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Rush Urges Categorical Exclusion From Section 232 Tariffs for Tinplate Steel

August 31, 2021

WASHINGTON— In a letter to U.S. Secretary of Commerce Gina Raimondo, U.S. Representative Bobby L. Rush (D-Ill.) urged the Department of Commerce to grant relief from Section 232 tariffs for tinplate steel products.

In 2018, President Trump imposed 25% and 10% tariffs, respectively, on the vast majority of imported steel and aluminum products, including tinplate steel.  Tinplate steel is essential for the manufacturing of metal cans, and Illinois’s 1st District is home to two metal can manufacturing facilities in Alsip, which employ approximately 155 people.  Overall, the metal can-making industry employs approximately 1,000 workers in Illinois.

“Given the importance of the metal can industry to the state and my district, I am requesting that the Department of Commerce grant a ‘categorical exclusion’ from the [Section] 232 tariffs for tinplate steel, black plate, and hotbands for conversion to tinplate in the United States.  Additionally, I ask that the Department provide relief from Korean steel quotas for tinplate and hotbands for the conversion to tinplate in the United States.  Such relief will help mitigate the intense tinplate steel supply pressures on the domestic can making industry right now,” Rush wrote.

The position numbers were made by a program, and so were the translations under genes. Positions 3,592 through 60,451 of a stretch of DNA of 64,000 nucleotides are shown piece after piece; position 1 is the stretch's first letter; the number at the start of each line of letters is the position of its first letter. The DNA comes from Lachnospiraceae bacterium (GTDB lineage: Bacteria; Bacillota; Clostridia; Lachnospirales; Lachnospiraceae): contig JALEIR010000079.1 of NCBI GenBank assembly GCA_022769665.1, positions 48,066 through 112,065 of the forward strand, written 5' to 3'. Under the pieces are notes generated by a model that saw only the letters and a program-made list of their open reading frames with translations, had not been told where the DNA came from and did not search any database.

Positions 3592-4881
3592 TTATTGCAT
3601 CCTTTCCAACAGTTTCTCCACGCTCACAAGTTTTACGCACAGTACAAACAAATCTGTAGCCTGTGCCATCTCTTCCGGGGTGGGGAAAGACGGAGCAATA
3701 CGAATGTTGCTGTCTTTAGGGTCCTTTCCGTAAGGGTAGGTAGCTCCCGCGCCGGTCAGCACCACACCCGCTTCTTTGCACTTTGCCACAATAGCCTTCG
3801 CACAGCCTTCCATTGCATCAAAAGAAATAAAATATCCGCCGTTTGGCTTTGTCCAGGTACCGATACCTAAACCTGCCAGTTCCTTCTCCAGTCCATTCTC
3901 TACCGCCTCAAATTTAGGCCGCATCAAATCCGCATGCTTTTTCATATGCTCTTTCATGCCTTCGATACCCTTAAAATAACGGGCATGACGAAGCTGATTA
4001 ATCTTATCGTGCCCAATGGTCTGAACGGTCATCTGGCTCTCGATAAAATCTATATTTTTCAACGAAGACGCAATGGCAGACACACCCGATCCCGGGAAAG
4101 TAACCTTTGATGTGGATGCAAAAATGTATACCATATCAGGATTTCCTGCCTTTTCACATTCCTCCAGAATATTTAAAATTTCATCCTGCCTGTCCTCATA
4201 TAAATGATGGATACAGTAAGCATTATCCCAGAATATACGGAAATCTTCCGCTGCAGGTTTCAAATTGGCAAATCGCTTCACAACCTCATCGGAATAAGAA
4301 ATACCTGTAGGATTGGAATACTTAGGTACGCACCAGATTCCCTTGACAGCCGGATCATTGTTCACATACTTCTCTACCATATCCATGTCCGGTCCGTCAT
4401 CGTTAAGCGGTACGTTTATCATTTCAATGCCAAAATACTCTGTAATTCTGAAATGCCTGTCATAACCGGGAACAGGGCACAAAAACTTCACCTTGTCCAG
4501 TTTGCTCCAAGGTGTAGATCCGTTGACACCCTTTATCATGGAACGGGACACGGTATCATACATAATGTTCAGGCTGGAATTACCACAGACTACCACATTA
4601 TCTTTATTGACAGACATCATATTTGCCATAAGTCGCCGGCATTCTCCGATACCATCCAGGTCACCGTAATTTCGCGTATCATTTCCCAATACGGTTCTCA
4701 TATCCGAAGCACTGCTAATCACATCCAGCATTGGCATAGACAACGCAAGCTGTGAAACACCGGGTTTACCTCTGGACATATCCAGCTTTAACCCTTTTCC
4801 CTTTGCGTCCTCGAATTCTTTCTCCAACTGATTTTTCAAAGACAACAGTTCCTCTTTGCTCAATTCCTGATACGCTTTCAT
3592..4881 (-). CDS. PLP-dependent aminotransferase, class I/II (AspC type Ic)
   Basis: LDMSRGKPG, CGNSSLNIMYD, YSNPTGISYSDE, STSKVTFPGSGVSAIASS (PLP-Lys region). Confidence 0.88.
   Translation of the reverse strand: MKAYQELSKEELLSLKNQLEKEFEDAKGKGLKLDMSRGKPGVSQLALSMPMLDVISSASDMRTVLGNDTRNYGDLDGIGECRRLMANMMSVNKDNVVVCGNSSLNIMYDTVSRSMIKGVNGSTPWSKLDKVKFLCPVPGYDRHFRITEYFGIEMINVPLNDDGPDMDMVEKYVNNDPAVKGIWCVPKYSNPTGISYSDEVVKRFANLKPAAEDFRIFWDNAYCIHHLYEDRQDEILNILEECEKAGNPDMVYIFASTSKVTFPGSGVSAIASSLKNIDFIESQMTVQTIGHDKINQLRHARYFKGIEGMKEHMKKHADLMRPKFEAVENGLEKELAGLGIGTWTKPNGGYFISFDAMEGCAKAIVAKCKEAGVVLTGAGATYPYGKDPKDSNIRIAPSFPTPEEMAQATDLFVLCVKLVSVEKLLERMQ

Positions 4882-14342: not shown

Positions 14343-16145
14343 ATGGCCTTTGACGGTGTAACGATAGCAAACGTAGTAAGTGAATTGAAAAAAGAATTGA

“Since the imposition of the 232 tariffs and quotas on foreign imports, the domestic supply of tinplate has been curtailed, further driving U.S. can-makers to look overseas for tinplate steel, blackplate, and hotbands.  Those markets have proven unreliable because the 232 tariffs and quotas have discouraged European, Japanese, and other suppliers from exporting to the United States.  With less domestic production and a constricted import market, the lack of tinplate steel will affect the availability of domestically produced canned foods for American consumers,” Rush continued.

“Consequently, the U.S. agricultural and manufacturing workforce is in a precarious position, as U.S. can-makers have had to turn down business due to a tinplate shortage.  Furthermore, domestic can-makers have been forced to furlough their employees due to this lack of steel.  Without timely action, the downstream effect on food processors and farmers will have long-lasting and grim consequences.”

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